"fichero" or "archivo". Which letter should be selected as memorable? 
(The same problem came up recently in choosing whether to use 
"biblioteca" or "librería" for a term). And most people in the US 
probably don't know how to generate  ب (the arabic character for "b") 
anyway, including people who regularly read Arabic, in my experience. 
This is no reason for people who write arabic all day not to assign it 
as a default accesskey on an arabic site.

So we have a set of controls with allegedly memorable accesskeys. How 
should browsers handle them?

This is something that browser makers should work out. Simply ignoring 
them makes for a pretty weak browser. Even if it provides a different 
feature like incremental search ("find-as-you-type" - first implemented 
in emacs before there was a web to browse, and much beloved of emacs 
users)

Two possible approaches that browsers could use:

One - the "iCab" approach: Don't use any plain characters for 
controlling the browser. This leaves them all available to select or 
activate the control (according to user preference, with luck). This is 
my personal favourite - for various reasons reducing keystrokes is 
important to me as a user - but it isn't everyone's preference.

For extra credit, the browser could ask the system what keyboard is 
active at the moment. If I have an Australian keyboard running, and a 
page is in Arabic with arabic accesskeys, it could remap the keys to 
activate those controls to phonetically similar latin characters. (Lynx 
presents arabic pages in latin fonts by doing this mapping - it isn't 
technology that would need to be developed.)

Two - the "pass-through" approach: In a browser like Opera which has 
very substantial and powerful keyboard control already, Mozilla which 
uses bare keys for its find-as-you-type functionality, or Amaya which 
allows editing using the bare keys, you need some other way to get at 
the accesskeys. This has already been figured out for screenreaders, 
which need to re-use controls, or allow the user to activate the 
underlying software with the same controls. For example, the browser 
might reserve the command-p key for pass-through. So to activate an 
accesskey the user presses command-P and then the accesskey. Or the 
browser might apply the accesskey as a default, and use command-P to 
allow the user to access other commands.

There are more "extra credit" approaches possible too. The browser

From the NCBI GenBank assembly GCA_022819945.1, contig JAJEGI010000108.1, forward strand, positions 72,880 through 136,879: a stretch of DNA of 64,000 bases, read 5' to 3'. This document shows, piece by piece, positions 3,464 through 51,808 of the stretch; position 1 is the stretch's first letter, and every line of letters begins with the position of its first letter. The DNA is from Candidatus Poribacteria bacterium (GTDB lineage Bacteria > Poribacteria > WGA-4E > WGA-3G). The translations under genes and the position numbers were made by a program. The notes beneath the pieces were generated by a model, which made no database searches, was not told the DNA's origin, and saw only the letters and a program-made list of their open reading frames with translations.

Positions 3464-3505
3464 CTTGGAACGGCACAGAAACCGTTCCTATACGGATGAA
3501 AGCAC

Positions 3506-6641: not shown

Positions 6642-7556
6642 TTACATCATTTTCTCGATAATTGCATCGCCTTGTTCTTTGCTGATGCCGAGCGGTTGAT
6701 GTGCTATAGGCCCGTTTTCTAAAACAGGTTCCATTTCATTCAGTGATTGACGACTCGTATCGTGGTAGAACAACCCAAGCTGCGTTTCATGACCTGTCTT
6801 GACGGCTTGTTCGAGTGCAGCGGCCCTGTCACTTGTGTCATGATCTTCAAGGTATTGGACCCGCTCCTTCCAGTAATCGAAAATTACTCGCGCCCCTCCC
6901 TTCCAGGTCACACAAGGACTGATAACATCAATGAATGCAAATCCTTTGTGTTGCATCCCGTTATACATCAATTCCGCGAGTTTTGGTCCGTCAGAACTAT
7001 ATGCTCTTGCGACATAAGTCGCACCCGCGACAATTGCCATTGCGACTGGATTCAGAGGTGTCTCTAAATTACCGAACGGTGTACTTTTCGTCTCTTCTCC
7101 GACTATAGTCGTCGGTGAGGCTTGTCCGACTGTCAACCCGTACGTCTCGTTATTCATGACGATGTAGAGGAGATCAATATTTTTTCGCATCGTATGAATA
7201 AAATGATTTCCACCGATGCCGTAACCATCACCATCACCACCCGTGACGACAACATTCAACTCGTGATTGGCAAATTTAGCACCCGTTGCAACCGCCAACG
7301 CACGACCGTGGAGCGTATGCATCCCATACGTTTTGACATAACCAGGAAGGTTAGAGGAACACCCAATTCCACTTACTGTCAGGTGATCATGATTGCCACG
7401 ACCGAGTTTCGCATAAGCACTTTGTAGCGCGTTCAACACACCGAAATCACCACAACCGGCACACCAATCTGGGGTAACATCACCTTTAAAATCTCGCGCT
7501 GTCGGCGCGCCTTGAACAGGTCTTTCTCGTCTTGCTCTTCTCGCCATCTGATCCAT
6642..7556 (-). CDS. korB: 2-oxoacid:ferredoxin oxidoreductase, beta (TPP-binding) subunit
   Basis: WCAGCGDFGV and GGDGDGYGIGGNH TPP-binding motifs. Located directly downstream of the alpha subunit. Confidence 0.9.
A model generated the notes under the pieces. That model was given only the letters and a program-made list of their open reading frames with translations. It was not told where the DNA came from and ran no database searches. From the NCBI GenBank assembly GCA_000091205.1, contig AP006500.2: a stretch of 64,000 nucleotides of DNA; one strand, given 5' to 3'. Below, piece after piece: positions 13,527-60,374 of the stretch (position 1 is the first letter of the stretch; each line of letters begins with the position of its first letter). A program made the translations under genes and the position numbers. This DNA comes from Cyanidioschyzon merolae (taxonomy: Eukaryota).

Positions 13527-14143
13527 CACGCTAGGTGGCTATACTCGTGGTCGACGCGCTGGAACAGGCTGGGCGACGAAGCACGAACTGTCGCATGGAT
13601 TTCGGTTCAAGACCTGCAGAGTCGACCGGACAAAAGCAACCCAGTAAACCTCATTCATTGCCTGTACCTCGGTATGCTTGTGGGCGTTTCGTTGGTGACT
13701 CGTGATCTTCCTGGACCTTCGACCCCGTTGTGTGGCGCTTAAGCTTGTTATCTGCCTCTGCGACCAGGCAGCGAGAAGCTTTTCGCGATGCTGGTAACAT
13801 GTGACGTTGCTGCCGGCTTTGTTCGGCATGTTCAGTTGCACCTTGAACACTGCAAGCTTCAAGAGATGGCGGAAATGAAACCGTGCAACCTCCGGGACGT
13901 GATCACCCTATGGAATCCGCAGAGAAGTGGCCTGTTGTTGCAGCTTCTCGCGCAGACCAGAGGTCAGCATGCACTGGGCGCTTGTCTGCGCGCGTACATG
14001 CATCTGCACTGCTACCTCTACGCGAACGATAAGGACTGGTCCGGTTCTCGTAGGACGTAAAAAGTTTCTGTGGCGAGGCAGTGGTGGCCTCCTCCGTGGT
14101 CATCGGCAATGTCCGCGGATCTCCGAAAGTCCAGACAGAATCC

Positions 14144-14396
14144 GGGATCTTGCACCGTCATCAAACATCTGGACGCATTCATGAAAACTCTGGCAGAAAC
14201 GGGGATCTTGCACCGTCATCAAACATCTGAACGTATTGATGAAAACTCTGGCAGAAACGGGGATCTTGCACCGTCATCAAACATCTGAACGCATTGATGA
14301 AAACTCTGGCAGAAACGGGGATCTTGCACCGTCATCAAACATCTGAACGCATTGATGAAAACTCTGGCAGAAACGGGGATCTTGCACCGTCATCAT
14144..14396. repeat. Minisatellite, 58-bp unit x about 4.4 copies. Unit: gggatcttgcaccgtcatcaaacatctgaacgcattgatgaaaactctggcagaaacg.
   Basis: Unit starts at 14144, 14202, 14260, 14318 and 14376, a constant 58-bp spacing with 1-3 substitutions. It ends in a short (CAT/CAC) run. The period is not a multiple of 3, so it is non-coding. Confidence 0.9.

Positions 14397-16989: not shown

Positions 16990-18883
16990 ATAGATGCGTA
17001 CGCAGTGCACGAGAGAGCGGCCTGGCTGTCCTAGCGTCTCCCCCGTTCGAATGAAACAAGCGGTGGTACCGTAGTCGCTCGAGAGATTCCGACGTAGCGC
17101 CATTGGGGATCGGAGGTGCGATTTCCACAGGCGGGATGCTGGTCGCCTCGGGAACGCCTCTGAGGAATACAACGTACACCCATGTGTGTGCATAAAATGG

could, on the pass-through key, open a list of controls that have 
accesskeys. This would allow people to move up and down that very short 
list - similar to the headings list that systems like iCab or Jaws 
provide, or the links list available in Amaya, Lynx, or most 
screenreaders.

There is a parallel to a lot of this in HTML - the link element. It is 
most commonly used at the moment to point to a stylesheet, and 
sometimes to an alternative version. But it is possible to point to the 
"next page" or "previous page", "contents" or "index" or "copyright 
page" or "help page" of a site. These links are then rendered in a 
browser-specific way - Lynx, iCab, Mozilla, Opera all show approaches 
to making these links available through the user interface. In this 
case the way of activating the link is the same for every site, because 
it is determined entirely by the browser.

Authors can also define other link elements...

cheers

chaals

On Monday, Feb 24, 2003, at 19:43 Australia/Melbourne, Jesper Tverskov 
wrote:

> Use first letter as ACCESSKEY
> www.klapmusen.dk/artikel.aspx?xml=20021031&lg=en
> (a new approach to the use of the ACCESSKEY)
>
> 1. If we always use first letter of the link text as ACCESSKEY, they 
> can be generated by code.
> 2. We do not have to mark the access key letter, because it is always 
> the first one.
> 3. We can have scores of access keys on each page, because the same 
> access key letter can be used many times.
>
> Please read my article carefully, and think it over before responding. 
> If we do it right, the ACCESSKEY could become a benefit to all 
> keyboard users of the Internet.
>
--
Charles McCathieNevile           charles@sidar.org
Fundación SIDAR                       http://www.sidar.org
Received on Thursday, 27 February 2003 16:44:00 GMT